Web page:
Parade

15 November 2015

DevDraft just held the Sept. challenge 2015 with an intriguing algorithmic problem. After days of contemplation, my solution reaches 100% code correctness and perfect algorithmic problem solving for runtime efficiency.

Problem

A nearby city has recently undergone a massive revitalization effort and, in order to celebrate and attract economic investment, is going to throw a parade. The mayor plans to deploy a number of security forces for the days leading up to the parade to keep the parade route free of vandalism. However, the budget is limited, so the mayor wants to make sure the security is deployed in such a way as to maximize effectiveness.

You are given a list of integers representing the threat of vandalism occurring on the city blocks along the parade route—​0 means vandalism will not occur on a block, and greater integers indicate a greater danger of vandalism occurring. The parade is planned to move in a straight line and pass by every block exactly once. You are also given several security forces, each of which can patrol a number of adjacent blocks, totally nullifying the threat on the blocks they patrol. The forces come in different types with different patrol lengths; for example, an officer on bike can patrol farther than an officer on foot. The forces are represented by a list of pairs of integers, where the first integer is the number of adjacent blocks a type of force can patrol and the second is how many forces are available of that type.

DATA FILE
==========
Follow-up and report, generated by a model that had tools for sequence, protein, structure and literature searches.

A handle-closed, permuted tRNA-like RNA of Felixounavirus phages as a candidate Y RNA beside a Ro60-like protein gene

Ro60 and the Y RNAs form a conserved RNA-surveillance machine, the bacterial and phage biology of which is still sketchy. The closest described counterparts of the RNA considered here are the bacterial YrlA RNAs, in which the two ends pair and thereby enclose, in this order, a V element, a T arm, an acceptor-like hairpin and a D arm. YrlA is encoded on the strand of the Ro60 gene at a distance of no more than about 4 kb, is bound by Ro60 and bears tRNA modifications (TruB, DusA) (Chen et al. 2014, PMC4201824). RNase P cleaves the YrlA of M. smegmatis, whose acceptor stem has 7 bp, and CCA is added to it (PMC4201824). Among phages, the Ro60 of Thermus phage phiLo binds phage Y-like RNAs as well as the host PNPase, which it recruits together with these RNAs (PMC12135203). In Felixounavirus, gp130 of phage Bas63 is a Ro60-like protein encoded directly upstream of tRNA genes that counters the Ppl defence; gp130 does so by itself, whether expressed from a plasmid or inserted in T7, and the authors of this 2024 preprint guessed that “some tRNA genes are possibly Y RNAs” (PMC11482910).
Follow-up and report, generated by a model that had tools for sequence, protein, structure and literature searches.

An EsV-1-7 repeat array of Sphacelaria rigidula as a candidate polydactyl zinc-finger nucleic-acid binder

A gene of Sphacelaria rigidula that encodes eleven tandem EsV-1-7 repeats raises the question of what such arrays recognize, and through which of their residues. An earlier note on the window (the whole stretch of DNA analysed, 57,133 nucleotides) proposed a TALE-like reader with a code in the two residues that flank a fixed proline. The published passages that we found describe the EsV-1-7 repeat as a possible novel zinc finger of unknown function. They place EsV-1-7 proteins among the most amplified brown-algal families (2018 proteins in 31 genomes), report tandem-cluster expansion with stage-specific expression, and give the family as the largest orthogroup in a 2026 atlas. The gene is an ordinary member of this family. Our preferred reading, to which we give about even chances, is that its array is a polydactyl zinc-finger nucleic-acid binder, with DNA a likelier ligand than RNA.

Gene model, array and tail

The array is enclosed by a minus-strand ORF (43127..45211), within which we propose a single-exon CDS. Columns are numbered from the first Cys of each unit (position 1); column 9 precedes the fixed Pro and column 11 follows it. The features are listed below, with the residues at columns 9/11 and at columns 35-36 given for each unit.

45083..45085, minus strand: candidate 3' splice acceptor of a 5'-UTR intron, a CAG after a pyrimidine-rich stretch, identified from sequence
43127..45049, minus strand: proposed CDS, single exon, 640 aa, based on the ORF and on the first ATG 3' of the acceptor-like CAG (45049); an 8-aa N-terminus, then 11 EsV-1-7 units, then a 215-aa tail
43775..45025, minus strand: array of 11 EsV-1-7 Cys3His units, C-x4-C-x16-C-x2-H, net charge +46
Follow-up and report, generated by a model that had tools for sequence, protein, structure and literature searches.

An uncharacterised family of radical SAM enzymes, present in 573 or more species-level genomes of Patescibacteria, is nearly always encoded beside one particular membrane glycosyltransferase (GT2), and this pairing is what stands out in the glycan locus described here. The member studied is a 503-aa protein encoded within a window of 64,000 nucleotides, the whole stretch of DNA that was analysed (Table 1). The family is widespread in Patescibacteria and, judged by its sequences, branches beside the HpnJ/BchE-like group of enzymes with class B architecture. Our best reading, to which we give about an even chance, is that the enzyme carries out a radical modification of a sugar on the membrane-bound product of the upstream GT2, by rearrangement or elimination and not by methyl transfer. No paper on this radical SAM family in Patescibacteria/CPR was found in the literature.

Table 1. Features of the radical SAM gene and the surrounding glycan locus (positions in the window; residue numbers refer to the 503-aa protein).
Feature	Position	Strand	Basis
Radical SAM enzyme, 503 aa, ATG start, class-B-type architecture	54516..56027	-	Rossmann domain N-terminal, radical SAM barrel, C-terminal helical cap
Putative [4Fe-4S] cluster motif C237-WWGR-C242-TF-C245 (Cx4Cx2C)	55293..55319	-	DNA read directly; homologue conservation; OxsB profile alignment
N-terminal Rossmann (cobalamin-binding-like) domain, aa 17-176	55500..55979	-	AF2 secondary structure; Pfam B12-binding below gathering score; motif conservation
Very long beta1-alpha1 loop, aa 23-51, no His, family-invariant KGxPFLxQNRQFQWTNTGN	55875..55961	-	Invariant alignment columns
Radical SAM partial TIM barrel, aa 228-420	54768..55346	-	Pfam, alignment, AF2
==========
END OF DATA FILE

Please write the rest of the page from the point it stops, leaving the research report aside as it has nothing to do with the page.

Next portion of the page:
The number of forces available is limited so you must place them strategically to minimize the sum of threat levels of all blocks that are not patrolled. Because the minimum threat level may be achieved by multiple arrangements of security, we ask that you output only the minimum total threat level that can be achieved, and not the positions of the forces.

C++ Implementation

Originally, the implementation is in Groovy but the runtime performance can be 100X slower than its C++ counterpart. Therefore, I decided to submit the C++ version though many Groovy constructs are not supported by the C++ STL and must be reimplemented. As expected, the rewards pay off.

The following code in C++ implements a branch and bound dynamic programming algorithm to solve the problem. More information about the solution analysis and complexity is available on the repo.